Have you ever felt like an impostor?
I know I have. I first learned of the phenomenon called “Impostor Syndrome” shortly after I’d confirmed my enrollment at Penn. A classmate had decided on Stanford, and her and I would often discuss our excitements and fears about college. Shortly after we’d gotten our own acceptance letters, another college announced in the media that they had accidentally sent out 500 or so acceptance letters to people who didn’t actually get accepted.
While we both knew we were being unrealistic, we immediately began questioning our own acceptances. What if we had slipped through the cracks? What if we had been mistakenly accepted to our respective universities?
The idea of being mistakenly accepted played into our biggest fear: being impostors. “Impostor Syndrome” is when you believe that in a given setting or role, you are an impostor, and you live in fear that at some point someone will expose you for what you really are.
As I arrived at Penn Freshman year, Impostor Syndrome reared its ugly head. I began meeting peers who had started companies, researched new medical treatments, and gotten perfect IB test scores. And what had I done? It had to be some sort of mistake, I thought. How did I get in? I waited for someone to point their finger at me and exclaim “AHA! We knew you weren’t really qualified to go here!”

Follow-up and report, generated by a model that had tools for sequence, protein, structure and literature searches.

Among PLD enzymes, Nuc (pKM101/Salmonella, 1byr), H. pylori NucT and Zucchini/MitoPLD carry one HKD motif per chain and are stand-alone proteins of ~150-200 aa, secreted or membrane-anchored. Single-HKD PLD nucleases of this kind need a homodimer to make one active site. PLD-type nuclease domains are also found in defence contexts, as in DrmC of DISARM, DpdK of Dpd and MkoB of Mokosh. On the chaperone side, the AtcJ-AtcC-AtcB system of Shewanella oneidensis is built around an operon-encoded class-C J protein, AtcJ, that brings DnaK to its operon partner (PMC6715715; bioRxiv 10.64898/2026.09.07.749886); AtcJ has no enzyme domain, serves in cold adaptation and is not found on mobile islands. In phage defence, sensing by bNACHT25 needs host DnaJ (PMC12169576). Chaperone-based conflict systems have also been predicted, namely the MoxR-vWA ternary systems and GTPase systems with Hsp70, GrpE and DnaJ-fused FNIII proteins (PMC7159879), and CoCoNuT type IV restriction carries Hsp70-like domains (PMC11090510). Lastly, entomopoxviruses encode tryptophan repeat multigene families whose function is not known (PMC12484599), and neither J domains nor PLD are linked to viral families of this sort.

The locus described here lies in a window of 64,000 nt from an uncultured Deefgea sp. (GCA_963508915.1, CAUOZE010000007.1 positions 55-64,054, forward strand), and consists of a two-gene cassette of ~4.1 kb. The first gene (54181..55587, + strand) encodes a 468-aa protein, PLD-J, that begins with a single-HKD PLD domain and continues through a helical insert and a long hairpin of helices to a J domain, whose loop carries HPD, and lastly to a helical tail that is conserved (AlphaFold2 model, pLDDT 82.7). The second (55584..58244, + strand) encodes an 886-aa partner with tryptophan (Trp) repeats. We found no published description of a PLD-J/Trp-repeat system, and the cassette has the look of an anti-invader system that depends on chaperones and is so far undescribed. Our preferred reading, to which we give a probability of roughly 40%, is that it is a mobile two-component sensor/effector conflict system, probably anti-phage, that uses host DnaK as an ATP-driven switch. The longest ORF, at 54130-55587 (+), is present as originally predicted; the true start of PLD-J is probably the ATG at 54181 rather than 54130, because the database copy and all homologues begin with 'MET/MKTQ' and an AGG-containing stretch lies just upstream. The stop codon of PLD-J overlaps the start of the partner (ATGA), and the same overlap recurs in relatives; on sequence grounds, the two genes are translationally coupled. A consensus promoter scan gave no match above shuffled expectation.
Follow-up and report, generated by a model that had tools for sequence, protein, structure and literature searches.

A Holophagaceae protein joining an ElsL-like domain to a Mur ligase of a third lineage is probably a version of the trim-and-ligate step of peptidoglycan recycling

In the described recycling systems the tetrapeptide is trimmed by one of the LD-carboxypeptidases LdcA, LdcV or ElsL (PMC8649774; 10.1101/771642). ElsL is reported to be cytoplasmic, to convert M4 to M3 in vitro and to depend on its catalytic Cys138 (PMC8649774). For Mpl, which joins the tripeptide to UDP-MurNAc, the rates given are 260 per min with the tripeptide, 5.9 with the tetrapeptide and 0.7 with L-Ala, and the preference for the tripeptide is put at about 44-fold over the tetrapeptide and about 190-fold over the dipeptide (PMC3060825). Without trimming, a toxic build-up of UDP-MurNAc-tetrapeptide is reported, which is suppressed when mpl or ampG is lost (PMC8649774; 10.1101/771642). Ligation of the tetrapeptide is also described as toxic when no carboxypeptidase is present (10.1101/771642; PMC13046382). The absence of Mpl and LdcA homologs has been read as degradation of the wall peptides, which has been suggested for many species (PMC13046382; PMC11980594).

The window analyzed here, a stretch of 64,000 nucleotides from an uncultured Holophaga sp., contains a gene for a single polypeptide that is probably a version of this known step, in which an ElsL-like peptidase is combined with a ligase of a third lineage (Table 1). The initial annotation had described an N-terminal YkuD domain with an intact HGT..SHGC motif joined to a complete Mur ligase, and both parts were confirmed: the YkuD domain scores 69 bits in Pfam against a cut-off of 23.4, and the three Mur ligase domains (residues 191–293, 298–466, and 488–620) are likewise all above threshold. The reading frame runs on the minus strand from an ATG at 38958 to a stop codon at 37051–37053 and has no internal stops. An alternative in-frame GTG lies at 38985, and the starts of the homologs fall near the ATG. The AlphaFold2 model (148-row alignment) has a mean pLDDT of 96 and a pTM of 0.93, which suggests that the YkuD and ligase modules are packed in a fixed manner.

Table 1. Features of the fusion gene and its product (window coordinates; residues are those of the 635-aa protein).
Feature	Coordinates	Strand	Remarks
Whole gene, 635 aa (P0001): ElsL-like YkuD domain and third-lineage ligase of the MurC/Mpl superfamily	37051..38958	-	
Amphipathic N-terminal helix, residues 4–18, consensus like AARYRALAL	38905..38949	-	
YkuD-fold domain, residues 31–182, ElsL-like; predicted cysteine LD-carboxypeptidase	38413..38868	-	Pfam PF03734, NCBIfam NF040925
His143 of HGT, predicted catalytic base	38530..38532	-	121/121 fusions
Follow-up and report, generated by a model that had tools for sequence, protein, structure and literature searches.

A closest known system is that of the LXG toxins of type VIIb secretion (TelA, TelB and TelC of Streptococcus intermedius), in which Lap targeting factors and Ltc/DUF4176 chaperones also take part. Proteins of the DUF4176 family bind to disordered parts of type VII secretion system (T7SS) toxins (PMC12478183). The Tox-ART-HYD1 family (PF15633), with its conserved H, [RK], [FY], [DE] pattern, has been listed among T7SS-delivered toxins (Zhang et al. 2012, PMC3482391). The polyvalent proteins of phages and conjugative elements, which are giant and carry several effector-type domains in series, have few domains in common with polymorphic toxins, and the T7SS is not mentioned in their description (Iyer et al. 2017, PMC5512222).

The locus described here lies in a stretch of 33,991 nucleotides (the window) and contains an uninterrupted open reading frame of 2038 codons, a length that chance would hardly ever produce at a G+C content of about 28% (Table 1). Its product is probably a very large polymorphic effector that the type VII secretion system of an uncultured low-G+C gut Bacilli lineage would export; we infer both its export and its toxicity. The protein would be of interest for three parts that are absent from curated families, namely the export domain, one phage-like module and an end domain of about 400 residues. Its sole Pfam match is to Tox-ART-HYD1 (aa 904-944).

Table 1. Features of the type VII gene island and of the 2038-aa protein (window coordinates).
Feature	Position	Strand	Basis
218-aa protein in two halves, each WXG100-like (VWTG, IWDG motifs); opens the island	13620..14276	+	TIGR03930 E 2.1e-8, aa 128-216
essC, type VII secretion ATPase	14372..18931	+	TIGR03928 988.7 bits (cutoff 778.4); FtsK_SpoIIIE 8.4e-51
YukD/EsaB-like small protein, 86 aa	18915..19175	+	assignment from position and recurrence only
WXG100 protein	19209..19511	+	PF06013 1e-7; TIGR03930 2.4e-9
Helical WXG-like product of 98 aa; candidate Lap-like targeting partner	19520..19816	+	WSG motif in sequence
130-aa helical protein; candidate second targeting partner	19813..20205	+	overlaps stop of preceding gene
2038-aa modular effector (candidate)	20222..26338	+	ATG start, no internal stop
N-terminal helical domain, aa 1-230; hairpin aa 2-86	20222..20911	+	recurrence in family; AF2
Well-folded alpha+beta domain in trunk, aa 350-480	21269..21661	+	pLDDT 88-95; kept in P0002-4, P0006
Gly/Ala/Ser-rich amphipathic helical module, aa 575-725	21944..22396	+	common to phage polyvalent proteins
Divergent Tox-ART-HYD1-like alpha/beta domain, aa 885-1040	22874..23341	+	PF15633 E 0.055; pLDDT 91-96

I soon realized that everyone else felt the exact same way. No matter how accomplished someone was, they believed that their accomplishments weren’t enough. There was always that guy who had gotten a better summer job, or that guy who was getting A+’s in all of his classes. We all felt like impostors, waiting for everyone else to call us out.
At some point, we have to see this for what it is: a mental illusion. Is it possible that some of us were accepted because we sent in a bikini-clad admissions video Elle-Woods-style? Sure. Is it possible that I was taken at Penn because I’m a token Wyomingite? Maybe. But holding these beliefs is not only absurd, but counterproductive. As long as we believe that we are impostors, we are unable to embrace our successes.
There will always be doubts. Was I hired because I’m a woman? Did they elect me because I was good at making them think I’m a good leader? Am I even a good leader?
These doubts are natural, but long-held, they can stunt our growth and limit our potential. I’ve learned that there is nothing wrong with believing the best. Believe that you’ve gotten where you are because of the work you’ve done, and continue to work hard. Because if someone actually tries to strip away the outer layers and “expose you for who you really are,” at least what they’ll see is someone who’s taken an opportunity they’ve received, and run with it.
Fear can be gripping, but it need not be paralyzing. Life is too short to fail to believe in our own potential.
Have you ever had a case of Impostor Syndrome? Did you overcome it?
Inspired by today’s Daily Post prompt.